Wednesday, August 24, 2011

Irene Guidance Shifting and Nudging Eastward

Hurricane Irene has intensified a bit overnight and is now sporting maximum winds of 110 mph and an eye that is visible on satellite imagery. Computer modeling with the storm has nudged eastward a bit, resuming a trend that started locally on Monday in the GFS and is now picking up steam in the European guidance as well.   Both model camps are now showing an offshore track for the storm, which is a huge break for us unless you are a fan of floods and 60-70 mph winds at the Shore.    This doesn't mean we dodge the bullet, entirely, of course, as we could still see at least some significant rainfall; however, the trend is going away from widespread several inch rainfall totals for everyone.

The two models (Euro up, GFS down below) show the storm tracking east of our region, with the Euro the closer of the two.  The GFS track suggests minimal impacts to the region as a whole since it is farther east -- generally some wind within 20-30 miles of South Jersey and Delaware coastlines, rain generally confined to east of I-95 (rainfall more modest).  The Euro, by virtue of being a bit closer to the coast and taking a Gloria style track in this morning's run, brings rain to most of the region (although heaviest just east of 95) and gustier winds to the coastline that could reach 50 mph if the Euro's outcome were right.

While we're not "locked" in to an outcome yet it seems the odds for a nasty storm impacting all of us may be trending downward.   The storm's shift right in the models is the result of the slightly weaker Bermuda High allowing for a greater path of lower resistance for the storm to travel a bit more northerly.   Also, the stronger storm is more prone to feel the upper level troughs that travel along the border and across Canada (one of those same disturbances will bring us thunderstorms tomorrow and also help pull Irene north to get captured by a second one that travels through Canada).   This goes back to the point I made that a 100-150 mile shift east or west means a huge change in final outcome for us -- but that such a shift is not uncommon this far out in computer modeling.  We're to the point where the average error in modeling for tropical cyclones can still be on the order of 150 miles so nothing is "locked" in.   However, signs are encouraging that the worst of the storm's impact (east side of the eye) will not impact our region.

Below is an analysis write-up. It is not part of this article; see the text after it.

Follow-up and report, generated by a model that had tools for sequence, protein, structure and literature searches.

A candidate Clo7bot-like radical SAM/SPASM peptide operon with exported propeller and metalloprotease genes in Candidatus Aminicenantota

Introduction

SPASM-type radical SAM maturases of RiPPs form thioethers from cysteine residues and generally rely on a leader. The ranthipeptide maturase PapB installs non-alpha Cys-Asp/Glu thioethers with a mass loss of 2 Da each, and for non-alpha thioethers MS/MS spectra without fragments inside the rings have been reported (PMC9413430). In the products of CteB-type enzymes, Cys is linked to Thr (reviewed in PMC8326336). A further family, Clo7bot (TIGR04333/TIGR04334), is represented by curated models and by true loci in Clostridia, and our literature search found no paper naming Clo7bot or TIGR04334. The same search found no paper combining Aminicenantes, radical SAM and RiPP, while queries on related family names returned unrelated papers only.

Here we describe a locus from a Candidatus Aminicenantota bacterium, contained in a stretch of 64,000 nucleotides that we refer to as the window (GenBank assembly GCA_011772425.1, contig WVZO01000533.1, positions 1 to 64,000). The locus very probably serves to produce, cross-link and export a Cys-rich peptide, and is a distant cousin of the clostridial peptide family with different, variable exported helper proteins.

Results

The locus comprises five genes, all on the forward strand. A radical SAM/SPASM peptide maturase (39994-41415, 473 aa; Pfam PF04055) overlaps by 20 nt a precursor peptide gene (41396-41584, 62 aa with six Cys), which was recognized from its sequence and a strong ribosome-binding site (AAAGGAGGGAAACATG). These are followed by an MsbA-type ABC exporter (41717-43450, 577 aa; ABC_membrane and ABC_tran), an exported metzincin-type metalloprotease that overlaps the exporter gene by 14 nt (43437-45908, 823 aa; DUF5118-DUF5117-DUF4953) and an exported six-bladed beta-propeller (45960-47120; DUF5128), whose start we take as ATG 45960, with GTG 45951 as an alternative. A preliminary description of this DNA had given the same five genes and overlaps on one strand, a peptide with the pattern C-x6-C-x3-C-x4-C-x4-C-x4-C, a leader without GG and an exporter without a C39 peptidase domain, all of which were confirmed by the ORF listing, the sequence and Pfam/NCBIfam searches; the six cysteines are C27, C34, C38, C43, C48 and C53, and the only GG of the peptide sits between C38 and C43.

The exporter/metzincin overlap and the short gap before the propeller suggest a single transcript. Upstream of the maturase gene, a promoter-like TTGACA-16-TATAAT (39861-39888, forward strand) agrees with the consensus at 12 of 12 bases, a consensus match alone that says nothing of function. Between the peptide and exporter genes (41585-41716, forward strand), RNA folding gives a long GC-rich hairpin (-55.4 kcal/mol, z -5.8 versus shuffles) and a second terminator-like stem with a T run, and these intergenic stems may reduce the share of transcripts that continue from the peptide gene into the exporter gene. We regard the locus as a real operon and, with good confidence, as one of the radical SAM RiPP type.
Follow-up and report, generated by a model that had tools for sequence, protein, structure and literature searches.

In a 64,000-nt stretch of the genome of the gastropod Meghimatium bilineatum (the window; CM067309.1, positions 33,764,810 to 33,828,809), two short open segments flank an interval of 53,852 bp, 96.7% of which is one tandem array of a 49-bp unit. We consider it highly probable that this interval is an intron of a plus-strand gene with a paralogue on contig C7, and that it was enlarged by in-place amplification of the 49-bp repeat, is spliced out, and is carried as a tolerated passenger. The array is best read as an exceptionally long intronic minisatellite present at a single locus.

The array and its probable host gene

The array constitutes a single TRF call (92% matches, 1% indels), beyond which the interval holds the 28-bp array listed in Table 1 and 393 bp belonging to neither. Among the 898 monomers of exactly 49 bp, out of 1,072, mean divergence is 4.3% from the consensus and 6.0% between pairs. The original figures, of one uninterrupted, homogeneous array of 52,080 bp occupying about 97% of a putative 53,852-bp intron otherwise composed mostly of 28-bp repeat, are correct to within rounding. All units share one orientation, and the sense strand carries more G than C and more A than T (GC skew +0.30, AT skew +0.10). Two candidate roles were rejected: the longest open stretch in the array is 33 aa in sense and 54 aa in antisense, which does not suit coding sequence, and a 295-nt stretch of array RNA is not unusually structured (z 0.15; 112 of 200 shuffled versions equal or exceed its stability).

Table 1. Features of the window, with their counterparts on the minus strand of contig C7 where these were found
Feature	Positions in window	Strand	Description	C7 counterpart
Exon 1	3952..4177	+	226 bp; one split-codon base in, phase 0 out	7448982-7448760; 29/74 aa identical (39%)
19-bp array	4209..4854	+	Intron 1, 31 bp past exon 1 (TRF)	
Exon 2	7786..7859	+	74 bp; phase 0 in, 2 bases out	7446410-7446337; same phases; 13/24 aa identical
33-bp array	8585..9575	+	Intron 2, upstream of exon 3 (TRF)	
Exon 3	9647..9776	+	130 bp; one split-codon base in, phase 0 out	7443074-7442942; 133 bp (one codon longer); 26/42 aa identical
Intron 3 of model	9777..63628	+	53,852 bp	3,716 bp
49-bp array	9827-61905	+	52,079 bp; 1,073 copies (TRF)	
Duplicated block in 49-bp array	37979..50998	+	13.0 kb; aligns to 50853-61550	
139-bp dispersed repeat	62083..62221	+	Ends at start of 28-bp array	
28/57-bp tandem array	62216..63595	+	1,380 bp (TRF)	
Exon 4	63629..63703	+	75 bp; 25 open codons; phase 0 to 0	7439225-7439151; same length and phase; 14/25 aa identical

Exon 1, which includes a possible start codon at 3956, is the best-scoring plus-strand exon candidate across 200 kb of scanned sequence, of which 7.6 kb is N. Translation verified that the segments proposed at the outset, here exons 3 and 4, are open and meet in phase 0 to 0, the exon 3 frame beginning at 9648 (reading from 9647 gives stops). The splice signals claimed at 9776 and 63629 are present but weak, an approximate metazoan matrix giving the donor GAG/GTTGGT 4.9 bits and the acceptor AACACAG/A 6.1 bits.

Matt Lanza will have a writeup later on today that explains more on Irene.